Presentation on theme: "Teaching The Rise of the Common Man Using Tier One Historical Thinking Skills This power point presentation is for educational purposes. It may contain."— Presentation transcript:
Pressures on the One-Party System Areas of the nation increasingly identified with the old guard parties Northeast – Federalists Belief in a strong central government South – Jeffersonians Suspicious of governments powers New England Industrializes Cotton cultivation explodes in the south Two Big Causes of Pressure Party Identification
Voting Eligibility Most States Generally all adult white men (by 1840 anyhow) Immigrant males who claimed to intend to become citizens Some States Women Only NJ and had to be unmarried and own property Free blacks New Hampshire, Maine, Massachusetts, Vermont only Are we seeing an increase or decrease in democracy?
What Does this Mean? A New Democratic Idea of Politics Politics MUST express the will of the common man (Politicians now had to cater to the masses) a man for the people Campaigning BBQs – free food and alcohol to woo the voters
Election of 1824
The Rise of Sectional Candidates John Quincy Adams – North Henry Clay – West John Crawford – South Andrew Jackson – Wild Card, combination of South and West What does this tell us about the changing nature of politics?
The Jacksonian Appeal Believed that the National Bank and the national debt were corrupting influences Believed that the government had become corrupt and was snuffing out liberty Thought that a virtuous citizenry could fix the problems Felt that the government should be subject to the will of the people From his Memorandums written in the early 1820s
Who Won? Popular VoteElectoral VoteHouse Vote J Q Adams113, Andrew Jackson151, William Crawford 41, Henry Clay47,545370
On the left, candidates John Quincy Adams, William Crawford, and Andrew Jackson (left to right) sprint for the finish line. On the right, the fourth candidate Henry Clay has pulled up short and stands, hand on head, exclaiming, D--n it I cant save my distance – so I may as well draw up. A supporter, in riding clothes, consoles him, Well dont distress yourself – therell be some scrubbing by & by & then youll have a chance. Use of multiple sources
Playing into Jacksons Hand Continued to criticize an illegitimate president Continued to play the part of the peoples choice Denounced a rule by the elite Party split created an ineffective presidency Rachel Jackson rumors created sympathy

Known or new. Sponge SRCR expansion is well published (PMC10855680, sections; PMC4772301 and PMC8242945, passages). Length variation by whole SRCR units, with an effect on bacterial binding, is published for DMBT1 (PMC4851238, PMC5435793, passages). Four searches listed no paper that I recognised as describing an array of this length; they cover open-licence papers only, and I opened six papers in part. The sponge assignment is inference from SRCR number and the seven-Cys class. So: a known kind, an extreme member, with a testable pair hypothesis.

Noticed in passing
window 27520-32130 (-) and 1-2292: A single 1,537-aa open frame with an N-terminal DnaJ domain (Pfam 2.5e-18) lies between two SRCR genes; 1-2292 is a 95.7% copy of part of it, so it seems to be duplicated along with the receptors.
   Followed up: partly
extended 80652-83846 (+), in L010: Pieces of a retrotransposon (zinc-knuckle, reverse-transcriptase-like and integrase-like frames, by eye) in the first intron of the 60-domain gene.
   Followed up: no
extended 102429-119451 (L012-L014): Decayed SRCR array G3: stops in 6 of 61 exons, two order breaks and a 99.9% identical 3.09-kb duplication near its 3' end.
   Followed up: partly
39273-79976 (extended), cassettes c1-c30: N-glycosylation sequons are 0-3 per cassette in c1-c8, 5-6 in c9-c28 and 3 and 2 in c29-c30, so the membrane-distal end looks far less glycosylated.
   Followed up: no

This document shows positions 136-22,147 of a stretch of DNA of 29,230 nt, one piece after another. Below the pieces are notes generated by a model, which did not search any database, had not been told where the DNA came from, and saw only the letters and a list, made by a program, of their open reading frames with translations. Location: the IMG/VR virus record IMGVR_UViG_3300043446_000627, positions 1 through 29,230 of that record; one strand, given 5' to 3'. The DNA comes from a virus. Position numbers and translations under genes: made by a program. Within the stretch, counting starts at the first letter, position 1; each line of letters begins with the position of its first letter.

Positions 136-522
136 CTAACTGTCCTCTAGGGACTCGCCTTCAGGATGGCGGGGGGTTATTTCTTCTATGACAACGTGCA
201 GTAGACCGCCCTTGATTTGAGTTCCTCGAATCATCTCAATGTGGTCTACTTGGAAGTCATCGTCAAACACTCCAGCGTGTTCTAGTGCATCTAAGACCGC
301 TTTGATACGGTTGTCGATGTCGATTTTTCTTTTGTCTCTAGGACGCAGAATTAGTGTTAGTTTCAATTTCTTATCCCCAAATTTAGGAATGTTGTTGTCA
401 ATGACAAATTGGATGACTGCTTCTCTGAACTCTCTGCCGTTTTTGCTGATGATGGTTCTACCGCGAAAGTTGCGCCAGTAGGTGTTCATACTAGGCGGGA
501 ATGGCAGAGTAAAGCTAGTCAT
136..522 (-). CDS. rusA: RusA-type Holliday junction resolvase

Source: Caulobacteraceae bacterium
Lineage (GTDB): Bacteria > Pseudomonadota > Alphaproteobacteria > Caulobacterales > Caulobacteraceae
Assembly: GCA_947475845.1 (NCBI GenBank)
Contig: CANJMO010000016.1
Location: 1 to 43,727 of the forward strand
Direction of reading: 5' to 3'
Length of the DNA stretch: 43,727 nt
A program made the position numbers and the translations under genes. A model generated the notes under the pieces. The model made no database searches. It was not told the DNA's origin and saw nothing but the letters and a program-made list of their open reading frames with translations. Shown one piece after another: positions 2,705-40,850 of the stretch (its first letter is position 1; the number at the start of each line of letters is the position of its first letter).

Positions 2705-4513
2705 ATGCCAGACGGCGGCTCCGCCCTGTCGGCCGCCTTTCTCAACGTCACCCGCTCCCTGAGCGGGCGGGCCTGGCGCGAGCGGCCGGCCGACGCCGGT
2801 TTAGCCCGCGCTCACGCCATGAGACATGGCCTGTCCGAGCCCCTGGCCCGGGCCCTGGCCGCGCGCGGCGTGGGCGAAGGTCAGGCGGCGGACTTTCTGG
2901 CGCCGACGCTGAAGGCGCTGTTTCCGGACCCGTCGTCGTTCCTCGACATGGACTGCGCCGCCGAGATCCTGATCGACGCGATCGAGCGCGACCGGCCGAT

Personalities or Issues? The main problem with the election of 1824 was that personalities rather than issues dominated the campaigning. Newspapers glorified their favored candidates and scandalized their opponents. For example, Adams was criticized for dressing "slovenly" and marrying an English woman. Clay was presented as a worthless drunk that gambled away his money while Crawford was accused of official misconduct. Jackson was accused of being a murderer because he had executed mutineers in There were no dominant issues surrounding the campaign, even though some had feared that slavery would become a deciding factor in the election. The fact that there was only one party running in the election caused further problems. Because all candidates were from the same party, the issues at hand were blurred and the electors were forced to rely on personal preference rather than a candidate's stance on any one issue. From Associated Content.com Determining the Main Idea Use of Multiple Sources
The Adams Administration Many congressmen were outspoken in their criticism of Adams; Martin Van Buren, a senator from New York, and John Randolph, a senator from Virginia, were among the worst. In fact, Randolph was so outspoken in his criticism of the Adams administration following the political campaign, and of Secretary of State Clay in particular, that Clay eventually challenged Randolph to a duel. The senator and the secretary of state fired at each other, but Randolph's cloak received the only damage from this exchange of gunfire. Adam's presidency in the days after the political campaign was marked by such intense disagreement among members of his own party that his single term in office can be viewed today as the end of an era.
Conclusion The era is typically called the Age of Jackson because Jackson is an apt symbol for the period. However the increased democracy that occurred at the beginning of the period helped spur a change in American politics from a rule by a quasi-elite to a system where politicians have to respond to the will of the people.